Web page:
Generally speaking, as a recording musician, I would recommend not releasing any covers until you have someone else doing your legal for you, either a label, or your own personal lawyer that you are paying. While in theory it's only $15 per song, in practice who the hell knows. If you nevertheless want to do this yourself, for most US songs the website for it, and if not then you are obligated to find the copyright holder yourself.

    Edit to clarify: the "paperwork" is online, but it has to be done, yes.
    • CommentAuthorArgos
    • CommentTimeMay 21st 2012 edited
    ^^so I just found out that my partner has a WC account he never uses. Meet the other person from the engagement photos I posted recently :P I directed him over to help with #Cover Versions
  7.  (10652.13)

    @glukkake, Jason A. Quest, & oddbill—

    Thanks very much for taking the time & mental energy to respond so thoroughly to my question.

    Looks like it's time to start saving [note to self: get a damn job] and working my script into an outline. Working on other projects, I've seen firsthand how getting everyone involved in love with the project leads to much better results [also seen the converse of that and it is not pretty]. So, I'll get the barebones of the story nailed down and, with a capable cohort, rebuild it better, faster, stronger [my shot direction might need to get shot].

    Once again, my thanks.
  8.  (10652.14)

    I have a Vitamix blender and the fucking thing cost be damn near $500 but it is the greatest blender you could hope to ever own.
    I use it for smoothies almost every morning, but I've also made ice cream in it (Ice and fruit) and I know you can make and cook soup in it. COOK!

    I had to save up for years to afford it, but it is everything all the reviews have said (as a some-time raw foodist, every raw food book refers to a vitamix by name, almost never "blenders")

    I'm looking into a juicer now, but simply don't have the cash. Getting an all in one is probably a bad idea, but if you have the means, the vitamix if pretty fucking spectacular and will crush anything you want. (Also worth noting, it measures it's power with horse power....a kitchen appliance with HORSEPOWER!)
  9.  (10652.15)

    I have a LaLanne juicer, and it's absolutely worth the money. Loads of power, thermal cutout that stops the motor from burning out under strain, high speed centrifuge which extracts pretty much every drop of juice from whatever you're feeding into it. There are a couple of drawbacks, but they're small: there are about eight separate parts which you need to assemble (including the centrifuge which screws in with a special spanner), and they all need washing after each use.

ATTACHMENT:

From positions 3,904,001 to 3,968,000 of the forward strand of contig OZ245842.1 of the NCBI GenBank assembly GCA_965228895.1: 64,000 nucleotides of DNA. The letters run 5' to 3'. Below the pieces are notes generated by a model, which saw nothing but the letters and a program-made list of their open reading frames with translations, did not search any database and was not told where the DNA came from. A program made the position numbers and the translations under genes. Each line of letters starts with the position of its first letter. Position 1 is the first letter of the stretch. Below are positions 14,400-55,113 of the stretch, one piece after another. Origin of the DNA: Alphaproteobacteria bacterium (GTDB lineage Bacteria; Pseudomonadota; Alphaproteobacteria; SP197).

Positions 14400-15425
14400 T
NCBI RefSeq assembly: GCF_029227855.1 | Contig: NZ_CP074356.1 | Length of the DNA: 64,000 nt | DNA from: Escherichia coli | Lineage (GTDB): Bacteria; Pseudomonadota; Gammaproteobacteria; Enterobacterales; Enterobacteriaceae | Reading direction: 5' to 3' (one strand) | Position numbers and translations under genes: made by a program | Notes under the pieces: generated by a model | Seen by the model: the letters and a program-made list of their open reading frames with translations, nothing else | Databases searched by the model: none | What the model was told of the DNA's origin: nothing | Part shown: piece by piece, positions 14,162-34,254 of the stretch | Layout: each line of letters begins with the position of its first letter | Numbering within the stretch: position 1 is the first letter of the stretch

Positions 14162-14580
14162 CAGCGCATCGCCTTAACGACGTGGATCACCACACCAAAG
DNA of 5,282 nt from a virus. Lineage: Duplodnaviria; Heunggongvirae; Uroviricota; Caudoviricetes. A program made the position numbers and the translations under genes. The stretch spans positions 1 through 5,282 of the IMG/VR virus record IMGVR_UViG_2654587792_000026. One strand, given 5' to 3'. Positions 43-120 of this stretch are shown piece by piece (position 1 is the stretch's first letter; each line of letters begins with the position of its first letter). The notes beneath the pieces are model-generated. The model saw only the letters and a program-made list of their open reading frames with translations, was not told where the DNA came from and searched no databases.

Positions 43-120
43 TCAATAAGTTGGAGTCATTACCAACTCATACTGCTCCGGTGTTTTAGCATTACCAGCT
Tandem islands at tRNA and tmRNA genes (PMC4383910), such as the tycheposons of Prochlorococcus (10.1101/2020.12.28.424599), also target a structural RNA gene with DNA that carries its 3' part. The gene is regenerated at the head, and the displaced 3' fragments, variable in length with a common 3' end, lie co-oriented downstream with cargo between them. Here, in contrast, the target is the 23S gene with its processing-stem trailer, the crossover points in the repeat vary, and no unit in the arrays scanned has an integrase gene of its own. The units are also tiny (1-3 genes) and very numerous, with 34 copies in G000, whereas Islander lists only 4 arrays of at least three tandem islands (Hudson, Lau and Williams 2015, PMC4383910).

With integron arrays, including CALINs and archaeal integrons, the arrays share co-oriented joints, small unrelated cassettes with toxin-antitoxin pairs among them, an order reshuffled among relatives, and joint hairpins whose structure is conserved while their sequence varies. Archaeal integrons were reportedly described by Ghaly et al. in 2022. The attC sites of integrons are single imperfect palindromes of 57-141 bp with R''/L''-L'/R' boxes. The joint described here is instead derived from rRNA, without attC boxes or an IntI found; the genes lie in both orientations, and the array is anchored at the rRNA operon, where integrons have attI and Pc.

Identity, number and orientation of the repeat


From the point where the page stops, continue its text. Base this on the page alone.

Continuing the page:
• CommentTimeMay 22nd 2012

    I know this was asked last month but there weren't many replies.
    I'm hitting Montreal this weekend with a friend, and we have roughly three full days of exploring to do. We're staying in the Latin Quarter, and we'll probably fit in some cheesy campus tour of McGill, but other than that we're open to suggestions. WHAT DO WE DO?!?!?! (Other than learn some fucking French already.)
    • CommentTimeMay 22nd 2012 edited

    Visit the Dieu du ciel brewpub because it's wonderful.

    Also visit the Cafe Pi, because it's beautiful. Get a bottle of Italian soda.

    The botanical gardens are also wonderful AND beautiful.

    And historic Schwartz's Deli is the stop for AMAZING Jewish deli food. Go go go go.
  10.  (10652.18)

    It's been... longer than I want to realize... since I've been to Montreal (10 years if I actually think about it)... I was a good little tourist and learned some phrases in French (Quebec french, not Parisian french) and very quickly realized that it did me no good. Almost everyone one I spoke it to looked at me with utter confusion, apologized, and said that they only spoke English. (That being said, it just seems more polite to try, but don't worry too much if you don't remember any.)

    I'm with Robin, go to Schwartz's. They'll ask if you've been there before, say 'no', and they bring you what you're supposed to eat. They didn't even show my wife or I menu's.
    I don't remember the names of anything else we went to, so I apologize for the vagueness of all that is about to follow: There's some really nice museums to go to, and there was a haunted house dinner theatre which was entertaining. The art museum was really impressive when we were there, as was walking around old town (by the water). And, although it's not for everyone, the graveyard is really quite beautiful. (And no, I'm not someone that walks around graveyards... I grew up across from one that was mostly slab-style headstones whereas the one in Montreal has some really beautiful sculptures.)